U.S. COVID-19 Death Toll Tops 350,000

 

The U.S. has hit another devastating milestone: COVID-19 has killed more than 350,000 people in the country, according to a Johns Hopkins University tracker. The grim number comes as a new variant of the coronavirus is spreading across dozens of countries.

The coronavirus variant was first spotted last month in the U.K. and has now spread to dozens of countries, likely passed on by infected people who traveled around the world and unknowingly brought the microscopic invaders with them.

The variant is now in dozens of countries, including the United States, where it has infected people in Colorado, California and Florida.

Health care workers are bracing for a particularly deadly January, after the U.S saw record high numbers of infections in December. President-elect Joe Biden cautioned this week that “the next few weeks and months are going to be very tough, a very tough period for our nation — maybe the toughest during this entire pandemic.”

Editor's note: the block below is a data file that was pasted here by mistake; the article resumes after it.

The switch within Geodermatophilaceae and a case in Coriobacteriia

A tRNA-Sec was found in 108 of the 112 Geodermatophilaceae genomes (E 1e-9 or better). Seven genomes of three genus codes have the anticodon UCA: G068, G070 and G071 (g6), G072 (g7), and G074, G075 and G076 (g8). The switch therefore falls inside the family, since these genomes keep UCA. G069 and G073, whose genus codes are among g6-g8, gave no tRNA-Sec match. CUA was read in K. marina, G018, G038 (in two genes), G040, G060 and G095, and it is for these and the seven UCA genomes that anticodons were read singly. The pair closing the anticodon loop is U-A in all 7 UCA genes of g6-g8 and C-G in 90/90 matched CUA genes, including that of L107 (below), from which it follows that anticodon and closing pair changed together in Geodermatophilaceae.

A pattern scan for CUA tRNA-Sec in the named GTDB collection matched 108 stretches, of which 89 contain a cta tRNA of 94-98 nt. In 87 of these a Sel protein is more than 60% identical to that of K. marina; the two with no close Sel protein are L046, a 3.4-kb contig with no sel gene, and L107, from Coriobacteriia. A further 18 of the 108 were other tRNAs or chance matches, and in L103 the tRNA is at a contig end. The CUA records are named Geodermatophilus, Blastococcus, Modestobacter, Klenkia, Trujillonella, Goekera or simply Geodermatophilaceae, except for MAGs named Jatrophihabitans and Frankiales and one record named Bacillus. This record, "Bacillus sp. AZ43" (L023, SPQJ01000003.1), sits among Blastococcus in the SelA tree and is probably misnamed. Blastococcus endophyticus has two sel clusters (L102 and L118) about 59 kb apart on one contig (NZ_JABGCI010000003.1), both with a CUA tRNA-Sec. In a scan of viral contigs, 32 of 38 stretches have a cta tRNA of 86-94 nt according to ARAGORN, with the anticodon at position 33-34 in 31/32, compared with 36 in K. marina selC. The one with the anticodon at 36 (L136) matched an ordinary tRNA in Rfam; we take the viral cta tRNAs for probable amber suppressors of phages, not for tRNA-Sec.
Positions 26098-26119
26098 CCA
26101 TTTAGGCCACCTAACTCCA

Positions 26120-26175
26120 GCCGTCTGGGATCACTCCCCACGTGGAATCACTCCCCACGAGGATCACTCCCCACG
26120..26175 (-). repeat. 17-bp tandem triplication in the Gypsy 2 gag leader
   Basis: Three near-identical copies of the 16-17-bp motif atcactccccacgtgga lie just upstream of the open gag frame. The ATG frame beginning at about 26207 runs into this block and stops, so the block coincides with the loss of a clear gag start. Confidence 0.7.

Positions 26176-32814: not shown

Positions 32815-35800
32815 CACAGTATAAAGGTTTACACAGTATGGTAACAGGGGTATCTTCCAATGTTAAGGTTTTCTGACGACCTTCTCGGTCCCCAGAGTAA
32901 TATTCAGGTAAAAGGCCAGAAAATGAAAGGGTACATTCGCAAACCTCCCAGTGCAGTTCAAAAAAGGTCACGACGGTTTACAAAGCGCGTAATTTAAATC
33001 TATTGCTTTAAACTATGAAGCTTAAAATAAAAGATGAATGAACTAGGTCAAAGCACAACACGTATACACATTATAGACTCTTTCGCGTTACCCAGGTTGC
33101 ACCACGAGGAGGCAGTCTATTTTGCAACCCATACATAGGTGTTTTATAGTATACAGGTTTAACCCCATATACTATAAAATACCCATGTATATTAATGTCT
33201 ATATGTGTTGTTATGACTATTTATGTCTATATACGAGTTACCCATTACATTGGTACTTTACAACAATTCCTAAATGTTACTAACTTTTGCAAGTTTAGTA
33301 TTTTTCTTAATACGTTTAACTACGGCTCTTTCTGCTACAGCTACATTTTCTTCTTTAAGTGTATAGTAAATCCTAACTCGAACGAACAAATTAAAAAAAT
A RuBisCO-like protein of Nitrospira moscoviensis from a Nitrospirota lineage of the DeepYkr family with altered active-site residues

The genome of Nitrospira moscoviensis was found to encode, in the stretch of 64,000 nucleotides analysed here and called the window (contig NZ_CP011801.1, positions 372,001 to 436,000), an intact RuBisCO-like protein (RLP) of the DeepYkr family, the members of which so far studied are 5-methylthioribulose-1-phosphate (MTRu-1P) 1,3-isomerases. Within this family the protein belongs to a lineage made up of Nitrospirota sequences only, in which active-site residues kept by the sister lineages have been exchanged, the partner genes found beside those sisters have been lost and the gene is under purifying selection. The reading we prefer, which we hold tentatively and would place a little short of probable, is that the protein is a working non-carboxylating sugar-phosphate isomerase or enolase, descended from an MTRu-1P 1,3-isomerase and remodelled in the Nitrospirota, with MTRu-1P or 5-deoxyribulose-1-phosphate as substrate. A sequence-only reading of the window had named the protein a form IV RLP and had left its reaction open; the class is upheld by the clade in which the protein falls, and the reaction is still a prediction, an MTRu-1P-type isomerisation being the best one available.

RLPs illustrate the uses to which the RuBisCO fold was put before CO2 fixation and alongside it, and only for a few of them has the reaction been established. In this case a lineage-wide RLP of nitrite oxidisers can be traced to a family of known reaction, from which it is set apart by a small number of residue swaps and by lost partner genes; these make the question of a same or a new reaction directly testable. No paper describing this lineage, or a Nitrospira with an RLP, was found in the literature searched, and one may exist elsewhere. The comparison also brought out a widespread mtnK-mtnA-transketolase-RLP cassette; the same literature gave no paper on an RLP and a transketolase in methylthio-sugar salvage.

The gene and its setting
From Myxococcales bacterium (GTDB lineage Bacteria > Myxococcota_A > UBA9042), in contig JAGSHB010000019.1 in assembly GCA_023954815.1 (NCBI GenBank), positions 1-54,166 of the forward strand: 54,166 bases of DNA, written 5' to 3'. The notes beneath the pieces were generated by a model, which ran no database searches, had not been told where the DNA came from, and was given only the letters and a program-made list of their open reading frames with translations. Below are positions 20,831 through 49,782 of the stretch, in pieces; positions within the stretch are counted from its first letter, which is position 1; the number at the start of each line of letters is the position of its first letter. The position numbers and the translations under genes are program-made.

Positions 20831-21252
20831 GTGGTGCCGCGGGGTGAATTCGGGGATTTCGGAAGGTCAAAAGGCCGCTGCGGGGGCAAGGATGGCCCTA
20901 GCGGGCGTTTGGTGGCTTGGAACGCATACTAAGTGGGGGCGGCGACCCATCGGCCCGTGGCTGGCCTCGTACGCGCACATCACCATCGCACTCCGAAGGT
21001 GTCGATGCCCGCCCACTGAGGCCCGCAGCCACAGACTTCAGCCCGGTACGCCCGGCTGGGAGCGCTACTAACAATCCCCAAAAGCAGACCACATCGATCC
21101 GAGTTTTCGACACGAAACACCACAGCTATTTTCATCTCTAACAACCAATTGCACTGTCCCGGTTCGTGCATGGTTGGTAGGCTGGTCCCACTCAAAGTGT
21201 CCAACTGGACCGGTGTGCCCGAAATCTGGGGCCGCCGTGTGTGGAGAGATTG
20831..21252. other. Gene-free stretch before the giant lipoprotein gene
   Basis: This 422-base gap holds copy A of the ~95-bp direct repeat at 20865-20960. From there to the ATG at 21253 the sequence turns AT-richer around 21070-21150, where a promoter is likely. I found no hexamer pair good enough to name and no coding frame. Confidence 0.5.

Researchers say the new variant — dubbed B.1.1.7 — probably originated in the South East region of England in September, before being detected there in November. According to a new report from Imperial College London, Britain’s November lockdown did little to curb its spread, which was most prevalent in young people under 20 years old. The World Health Organization says the new variant is responsible for more than half of new infections in the U.K.

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